“From the producer of Paranormal Activity and Insidious” – that’s the sentence used in the trailer and on the poster for Dark Skies and that may be the sentence that puts most people off. It’s a link that’s been horribly overused in recent years, and now holds as much weight as a film being promoted as “based on a true story”.
Here’s the good news: Dark Skies is not a found footage film. There are many scenes showing security camera footage being looked at, but it’s not a found footage film so those who hate that format can breathe a sigh of relief. Here’s the bad news: Dark Skies IS an unsatisfying, predictable missed opportunity.
It’s all about a potential close encounter with visitors from outer space. Keri Russell and Josh Hamilton play the concerned couple, the Barretts, alarmed by disturbances in their home that seem to prove that an intruder has managed to get in. They want to protect their two children (Kadan Rockett as the younger one, Sam, and Dakota Goyo as Jesse) but that becomes more difficult to do as things get stranger and stranger and the explanations for what they’re going through seem more and more implausible.
Written and directed by Scott Stewart, Dark Skies isn’t a BAD movie. There are some good ideas in the mix, some fantastic jump scares (though jump scares are the only kind on display, sadly) and a nice tightrope walk between moments grounded in reality and a premise that’s completely unbelievable. Sadly, as things build up to the finale it becomes obvious that the movie isn’t as clever as it thinks it is and nothing works as it’s supposed to – all tension dissipates due to stereotypically dumb character decisions, none of the revelations that are supposed to surprise viewers are hard to spot beforehand and the very last scene just doesn’t work at all, leaving viewers unhappy and unsatisfied as the credits start to roll.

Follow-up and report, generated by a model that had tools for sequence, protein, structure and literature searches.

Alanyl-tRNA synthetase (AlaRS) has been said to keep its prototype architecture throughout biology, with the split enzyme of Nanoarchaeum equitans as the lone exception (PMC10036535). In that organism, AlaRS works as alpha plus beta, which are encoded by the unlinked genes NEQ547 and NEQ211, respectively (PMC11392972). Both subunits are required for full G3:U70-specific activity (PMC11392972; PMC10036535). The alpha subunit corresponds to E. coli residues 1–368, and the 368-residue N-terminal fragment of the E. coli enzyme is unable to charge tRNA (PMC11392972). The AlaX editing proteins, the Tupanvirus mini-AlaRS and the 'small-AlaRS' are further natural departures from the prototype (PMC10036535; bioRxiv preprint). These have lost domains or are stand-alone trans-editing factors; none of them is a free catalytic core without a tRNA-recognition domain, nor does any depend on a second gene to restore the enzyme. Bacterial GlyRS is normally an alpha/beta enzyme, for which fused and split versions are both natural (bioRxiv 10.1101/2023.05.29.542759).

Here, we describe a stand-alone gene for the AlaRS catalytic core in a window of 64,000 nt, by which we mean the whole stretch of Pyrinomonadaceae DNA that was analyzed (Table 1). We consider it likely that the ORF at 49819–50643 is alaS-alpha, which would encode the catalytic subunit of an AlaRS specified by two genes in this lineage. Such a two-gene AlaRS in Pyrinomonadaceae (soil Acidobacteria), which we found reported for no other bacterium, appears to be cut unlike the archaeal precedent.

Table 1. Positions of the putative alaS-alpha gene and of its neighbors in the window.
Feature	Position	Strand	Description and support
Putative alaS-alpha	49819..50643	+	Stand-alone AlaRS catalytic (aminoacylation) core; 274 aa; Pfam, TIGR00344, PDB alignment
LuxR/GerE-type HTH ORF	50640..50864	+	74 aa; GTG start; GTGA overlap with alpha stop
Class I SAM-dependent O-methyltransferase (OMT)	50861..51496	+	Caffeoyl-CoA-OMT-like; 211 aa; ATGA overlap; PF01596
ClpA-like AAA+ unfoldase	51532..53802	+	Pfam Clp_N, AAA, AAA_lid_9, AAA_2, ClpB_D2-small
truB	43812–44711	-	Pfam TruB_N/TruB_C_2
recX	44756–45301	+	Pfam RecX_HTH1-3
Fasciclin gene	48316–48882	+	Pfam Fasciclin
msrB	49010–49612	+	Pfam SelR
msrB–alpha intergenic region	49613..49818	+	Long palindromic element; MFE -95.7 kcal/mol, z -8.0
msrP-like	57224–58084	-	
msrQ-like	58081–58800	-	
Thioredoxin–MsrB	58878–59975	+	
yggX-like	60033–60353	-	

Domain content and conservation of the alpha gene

The cast all do a decent job. Russell and Hamilton are a standard couple dealing with a lot of stress, including money worries that have been going on for some time, while Goyo and Rockett do well as the two boys looking out for one another. Goyo is also going through a slightly rebellious phase, but he’s a moody teen second and a good brother first. J. K. Simmons has a small role as someone who knows more than most people about unexplained phenomena that may or may not be connected with aliens and he raises the movie up in the few scenes that he has.
You can get some enjoyment from the movie, it’s far from the worst to hit cinemas in recent years, but the failings drag it down to simply average. You’ll get even more enjoyment, and a bigger sense of unease, from the similar Alien Abduction: Incident In Lake County so be sure to check that one out at some point.
Dark Skies is in UK cinemas now.
WRITER/DIRECTOR: SCOTT STEWART
STARS: KERI RUSSELL, JOSH HAMILTON, DAKOTA GOYO, KADAN ROCKETT, L. J. BENET, J. K. SIMMONS, ANNIE THURMAN
RUNTIME: 97 MINS APPROX